IDEAS home Printed from https://ideas.repec.org/p/fip/fedpwp/94-21.html
   My bibliography  Save this paper

Fares, service levels, and demographics: what determines commuter rail ridership in the long run?

Author

Listed:
  • Richard Voith

Abstract

No abstract is available for this item.

Suggested Citation

  • Richard Voith, 1994. "Fares, service levels, and demographics: what determines commuter rail ridership in the long run?," Working Papers 94-21, Federal Reserve Bank of Philadelphia.
  • Handle: RePEc:fip:fedpwp:94-21
    as

    Download full text from publisher

    To our knowledge, this item is not available for download. To find whether it is available, there are three options:
    1. Check below whether another version of this item is available online.
    2. Check on the provider's web page whether it is in fact available.
    3. Perform a search for a similarly titled item that would be available.

    Other versions of this item:

    References listed on IDEAS

    as
    1. Kenneth Train, 1980. "A Structured Logit Model of Auto Ownership and Mode Choice," Review of Economic Studies, Oxford University Press, vol. 47(2), pages 357-370.
    2. Richard Voith, 1994. "Public transit: realizing its potential," Business Review, Federal Reserve Bank of Philadelphia, issue Sep, pages 15-23.
    3. Voith Richard, 1993. "Changing Capitalization of CBD-Oriented Transportation Systems: Evidence from Philadelphia, 1970-1988," Journal of Urban Economics, Elsevier, vol. 33(3), pages 361-376, May.
    4. Richard Voith, 1991. "Transportation, Sorting and House Values," Real Estate Economics, American Real Estate and Urban Economics Association, vol. 19(2), pages 117-137.
    Full references (including those not matched with items on IDEAS)

    Citations

    Citations are extracted by the CitEc Project, subscribe to its RSS feed for this item.
    as


    Cited by:

    1. Bilotkach, Volodymyr & Fageda, Xavier & Flores-Fillol, Ricardo, 2010. "Scheduled service versus personal transportation: The role of distance," Regional Science and Urban Economics, Elsevier, vol. 40(1), pages 60-72, January.
    2. repec:eee:trapol:v:58:y:2017:i:c:p:72-79 is not listed on IDEAS
    3. Zhang, Zheng & Fujii, Hidemichi & Managi, Shunsuke, 2014. "How does Commuting Behavior Change Due to Incentives? An Empirical Study of the Beijing Subway System," MPRA Paper 54691, University Library of Munich, Germany.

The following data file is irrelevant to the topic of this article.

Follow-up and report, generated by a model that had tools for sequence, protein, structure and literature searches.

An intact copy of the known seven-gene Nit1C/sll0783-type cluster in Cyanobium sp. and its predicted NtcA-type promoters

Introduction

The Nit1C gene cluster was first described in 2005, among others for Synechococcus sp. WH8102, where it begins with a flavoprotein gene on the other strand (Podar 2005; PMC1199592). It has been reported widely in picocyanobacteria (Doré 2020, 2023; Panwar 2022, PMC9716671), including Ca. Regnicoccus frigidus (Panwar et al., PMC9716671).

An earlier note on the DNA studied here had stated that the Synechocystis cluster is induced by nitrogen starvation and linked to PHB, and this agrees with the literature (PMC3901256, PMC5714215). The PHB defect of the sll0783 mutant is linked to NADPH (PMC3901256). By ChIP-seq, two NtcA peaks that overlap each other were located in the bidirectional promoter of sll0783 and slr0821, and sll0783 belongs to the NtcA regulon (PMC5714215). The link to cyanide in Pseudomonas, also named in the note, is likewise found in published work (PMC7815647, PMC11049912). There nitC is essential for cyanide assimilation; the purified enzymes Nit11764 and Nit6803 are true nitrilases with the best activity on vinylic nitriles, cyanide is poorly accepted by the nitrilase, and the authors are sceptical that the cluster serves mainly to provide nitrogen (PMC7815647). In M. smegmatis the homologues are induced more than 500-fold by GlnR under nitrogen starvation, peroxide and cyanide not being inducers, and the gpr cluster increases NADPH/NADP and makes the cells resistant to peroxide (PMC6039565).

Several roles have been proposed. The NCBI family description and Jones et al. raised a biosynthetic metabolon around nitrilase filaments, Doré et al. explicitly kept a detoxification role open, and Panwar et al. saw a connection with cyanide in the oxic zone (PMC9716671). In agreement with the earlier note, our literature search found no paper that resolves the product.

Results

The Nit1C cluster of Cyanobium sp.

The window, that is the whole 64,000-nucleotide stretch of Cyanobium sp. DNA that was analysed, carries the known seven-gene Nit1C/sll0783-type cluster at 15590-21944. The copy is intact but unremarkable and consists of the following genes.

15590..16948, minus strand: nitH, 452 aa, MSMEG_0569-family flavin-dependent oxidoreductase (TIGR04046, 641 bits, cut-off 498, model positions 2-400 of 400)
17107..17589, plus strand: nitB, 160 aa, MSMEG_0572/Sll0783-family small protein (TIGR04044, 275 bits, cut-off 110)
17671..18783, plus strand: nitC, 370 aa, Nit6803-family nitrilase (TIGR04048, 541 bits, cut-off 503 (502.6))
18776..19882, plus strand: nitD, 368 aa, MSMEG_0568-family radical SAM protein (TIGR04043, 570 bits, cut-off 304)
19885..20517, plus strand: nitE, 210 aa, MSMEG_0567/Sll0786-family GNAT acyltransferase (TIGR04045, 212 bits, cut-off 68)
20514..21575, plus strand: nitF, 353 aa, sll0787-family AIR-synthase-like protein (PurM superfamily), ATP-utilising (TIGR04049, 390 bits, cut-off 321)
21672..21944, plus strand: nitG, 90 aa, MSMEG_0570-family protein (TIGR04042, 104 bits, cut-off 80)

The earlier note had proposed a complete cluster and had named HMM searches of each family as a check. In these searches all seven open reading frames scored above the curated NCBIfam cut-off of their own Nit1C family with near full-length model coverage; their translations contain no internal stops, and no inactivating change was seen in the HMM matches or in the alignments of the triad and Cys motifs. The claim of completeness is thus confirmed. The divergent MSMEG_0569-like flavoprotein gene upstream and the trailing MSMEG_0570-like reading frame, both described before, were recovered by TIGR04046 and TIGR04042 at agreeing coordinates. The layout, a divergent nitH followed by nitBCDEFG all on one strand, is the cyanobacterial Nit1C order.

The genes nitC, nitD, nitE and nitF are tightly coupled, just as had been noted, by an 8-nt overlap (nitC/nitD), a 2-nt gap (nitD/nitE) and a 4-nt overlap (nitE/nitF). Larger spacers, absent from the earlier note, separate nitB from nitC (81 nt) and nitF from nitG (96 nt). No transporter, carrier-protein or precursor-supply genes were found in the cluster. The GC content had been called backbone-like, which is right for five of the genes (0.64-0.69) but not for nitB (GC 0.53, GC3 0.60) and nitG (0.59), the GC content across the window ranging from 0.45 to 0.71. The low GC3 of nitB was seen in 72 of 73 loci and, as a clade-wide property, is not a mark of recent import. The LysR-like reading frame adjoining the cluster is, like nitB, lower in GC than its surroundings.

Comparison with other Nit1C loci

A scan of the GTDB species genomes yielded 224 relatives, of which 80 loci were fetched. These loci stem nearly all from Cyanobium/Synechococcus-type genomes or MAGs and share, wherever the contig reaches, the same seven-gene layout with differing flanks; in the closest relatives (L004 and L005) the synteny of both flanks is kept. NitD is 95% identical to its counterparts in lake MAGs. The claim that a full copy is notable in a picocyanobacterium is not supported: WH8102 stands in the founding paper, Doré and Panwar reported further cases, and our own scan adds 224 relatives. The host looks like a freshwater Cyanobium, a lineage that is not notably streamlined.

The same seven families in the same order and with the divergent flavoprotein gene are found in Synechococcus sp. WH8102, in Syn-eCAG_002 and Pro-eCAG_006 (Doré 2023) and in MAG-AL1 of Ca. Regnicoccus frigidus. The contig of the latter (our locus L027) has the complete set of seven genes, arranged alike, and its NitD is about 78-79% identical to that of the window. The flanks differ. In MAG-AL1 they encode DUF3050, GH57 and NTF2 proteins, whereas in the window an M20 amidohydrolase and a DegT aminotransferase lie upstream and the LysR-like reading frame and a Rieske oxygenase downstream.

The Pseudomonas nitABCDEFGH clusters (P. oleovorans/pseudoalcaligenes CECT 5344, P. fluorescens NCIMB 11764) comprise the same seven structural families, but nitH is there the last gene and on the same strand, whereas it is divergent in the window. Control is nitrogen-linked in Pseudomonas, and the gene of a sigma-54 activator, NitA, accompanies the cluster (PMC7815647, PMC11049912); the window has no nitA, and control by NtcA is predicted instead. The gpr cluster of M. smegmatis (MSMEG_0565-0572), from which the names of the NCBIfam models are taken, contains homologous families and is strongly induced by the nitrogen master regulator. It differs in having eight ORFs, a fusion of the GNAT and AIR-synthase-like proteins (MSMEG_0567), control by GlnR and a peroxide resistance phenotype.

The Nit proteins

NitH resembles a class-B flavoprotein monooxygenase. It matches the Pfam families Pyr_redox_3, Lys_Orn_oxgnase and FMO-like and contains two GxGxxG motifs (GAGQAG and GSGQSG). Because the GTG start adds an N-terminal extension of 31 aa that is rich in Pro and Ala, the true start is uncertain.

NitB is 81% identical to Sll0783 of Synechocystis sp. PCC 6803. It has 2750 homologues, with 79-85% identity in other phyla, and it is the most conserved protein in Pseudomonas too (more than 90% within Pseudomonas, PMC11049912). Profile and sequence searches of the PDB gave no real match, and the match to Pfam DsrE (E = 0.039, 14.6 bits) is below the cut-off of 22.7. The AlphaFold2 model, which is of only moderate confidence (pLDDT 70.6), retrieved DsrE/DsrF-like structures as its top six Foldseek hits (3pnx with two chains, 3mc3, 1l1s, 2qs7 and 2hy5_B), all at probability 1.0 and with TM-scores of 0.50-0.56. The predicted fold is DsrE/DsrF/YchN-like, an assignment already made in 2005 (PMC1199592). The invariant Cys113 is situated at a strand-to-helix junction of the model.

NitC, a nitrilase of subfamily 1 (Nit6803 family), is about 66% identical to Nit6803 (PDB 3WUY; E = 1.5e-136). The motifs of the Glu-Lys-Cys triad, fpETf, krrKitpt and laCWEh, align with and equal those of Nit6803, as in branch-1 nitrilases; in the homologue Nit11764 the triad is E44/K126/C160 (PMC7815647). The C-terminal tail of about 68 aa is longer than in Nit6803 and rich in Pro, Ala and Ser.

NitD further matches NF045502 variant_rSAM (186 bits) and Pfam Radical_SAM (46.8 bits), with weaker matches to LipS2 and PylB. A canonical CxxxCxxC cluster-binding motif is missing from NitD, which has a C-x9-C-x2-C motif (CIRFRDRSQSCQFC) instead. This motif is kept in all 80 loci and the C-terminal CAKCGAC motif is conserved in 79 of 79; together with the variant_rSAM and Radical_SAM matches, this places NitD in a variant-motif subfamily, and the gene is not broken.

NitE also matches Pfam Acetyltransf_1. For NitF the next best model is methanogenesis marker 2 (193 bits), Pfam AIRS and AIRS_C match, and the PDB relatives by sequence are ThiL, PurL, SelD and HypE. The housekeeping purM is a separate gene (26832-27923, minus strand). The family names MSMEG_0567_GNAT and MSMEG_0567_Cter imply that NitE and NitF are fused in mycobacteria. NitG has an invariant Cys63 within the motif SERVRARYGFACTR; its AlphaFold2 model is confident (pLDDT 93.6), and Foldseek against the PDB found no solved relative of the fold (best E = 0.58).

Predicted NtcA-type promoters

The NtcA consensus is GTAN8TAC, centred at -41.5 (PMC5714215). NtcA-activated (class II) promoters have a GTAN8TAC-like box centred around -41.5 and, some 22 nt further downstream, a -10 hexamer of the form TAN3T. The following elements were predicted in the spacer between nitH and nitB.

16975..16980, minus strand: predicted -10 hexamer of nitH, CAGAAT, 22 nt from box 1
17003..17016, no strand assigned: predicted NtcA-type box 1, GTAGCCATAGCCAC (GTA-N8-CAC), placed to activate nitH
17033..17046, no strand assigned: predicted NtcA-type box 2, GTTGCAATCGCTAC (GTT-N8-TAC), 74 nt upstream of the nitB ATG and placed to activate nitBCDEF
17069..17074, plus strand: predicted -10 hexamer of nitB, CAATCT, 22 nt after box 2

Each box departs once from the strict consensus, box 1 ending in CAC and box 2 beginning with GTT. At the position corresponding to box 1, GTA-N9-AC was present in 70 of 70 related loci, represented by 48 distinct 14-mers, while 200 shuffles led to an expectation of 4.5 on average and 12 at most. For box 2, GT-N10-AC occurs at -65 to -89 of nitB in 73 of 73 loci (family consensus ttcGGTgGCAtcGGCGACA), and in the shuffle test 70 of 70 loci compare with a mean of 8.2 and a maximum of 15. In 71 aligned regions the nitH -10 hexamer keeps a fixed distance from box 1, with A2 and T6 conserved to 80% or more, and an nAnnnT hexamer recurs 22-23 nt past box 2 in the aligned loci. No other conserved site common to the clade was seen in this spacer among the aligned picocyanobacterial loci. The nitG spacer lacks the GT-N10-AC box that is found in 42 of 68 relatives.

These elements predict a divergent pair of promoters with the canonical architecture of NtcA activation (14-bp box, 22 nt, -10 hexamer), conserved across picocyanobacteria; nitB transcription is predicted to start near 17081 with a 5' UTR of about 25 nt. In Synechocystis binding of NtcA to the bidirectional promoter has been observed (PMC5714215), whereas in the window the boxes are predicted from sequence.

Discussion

4. Asensio, J., 2000. "The success story of Spanish suburban railways: determinants of demand and policy implications," Transport Policy, Elsevier, vol. 7(4), pages 295-302, October.
    5. Devajyoti Deka & Thomas Marchwinski, 2014. "The revenue and environmental benefits of new off-peak commuter rail service: the case of the Pascack Valley line in New Jersey," Transportation, Springer, vol. 41(1), pages 157-172, January.
    6. Joseph DeSalvo & Sisinnio Concas, 2013. "The Effect of Density and Trip-Chaining on the Interaction between Urban Form and Transit Demand," Working Papers 0413, University of South Florida, Department of Economics.
    7. Nicolas Gendron-Carrier & Marco Gonzalez-Navarro & Stefano Polloni & Matthew A. Turner, 2018. "Subways and Urban Air Pollution," NBER Working Papers 24183, National Bureau of Economic Research, Inc.
    8. Baum-Snow, Nathaniel & Kahn, Matthew E., 2000. "The effects of new public projects to expand urban rail transit," Journal of Public Economics, Elsevier, vol. 77(2), pages 241-263, August.
    9. Wijeweera, Albert & Charles, Michael B., 2013. "Determinants Of Passenger Rail Demand In Perth, Australia: A Time Series Analysis," Applied Econometrics and International Development, Euro-American Association of Economic Development, vol. 13(2), pages 217-230.
    10. Sharaby, Nir & Shiftan, Yoram, 2012. "The impact of fare integration on travel behavior and transit ridership," Transport Policy, Elsevier, vol. 21(C), pages 63-70.

    More about this item

    Keywords

    Local transit;

    Statistics

    Access and download statistics

    Corrections

    All material on this site has been provided by the respective publishers and authors. You can help correct errors and omissions. When requesting a correction, please mention this item's handle: RePEc:fip:fedpwp:94-21. See general information about how to correct material in RePEc.

    For technical questions regarding this item, or to correct its authors, title, abstract, bibliographic or download information, contact: (Beth Paul). General contact details of provider: http://edirc.repec.org/data/frbphus.html .

    If you have authored this item and are not yet registered with RePEc, we encourage you to do it here. This allows to link your profile to this item. It also allows you to accept potential citations to this item that we are uncertain about.

    If CitEc recognized a reference but did not link an item in RePEc to it, you can help with this form .

    If you know of missing items citing this one, you can help us creating those links by adding the relevant references in the same way as above, for each refering item. If you are a registered author of this item, you may also want to check the "citations" tab in your RePEc Author Service profile, as there may be some citations waiting for confirmation.

    Please note that corrections may take a couple of weeks to filter through the various RePEc services.

    IDEAS is a RePEc service hosted by the Research Division of the Federal Reserve Bank of St. Louis . RePEc uses bibliographic data supplied by the respective publishers.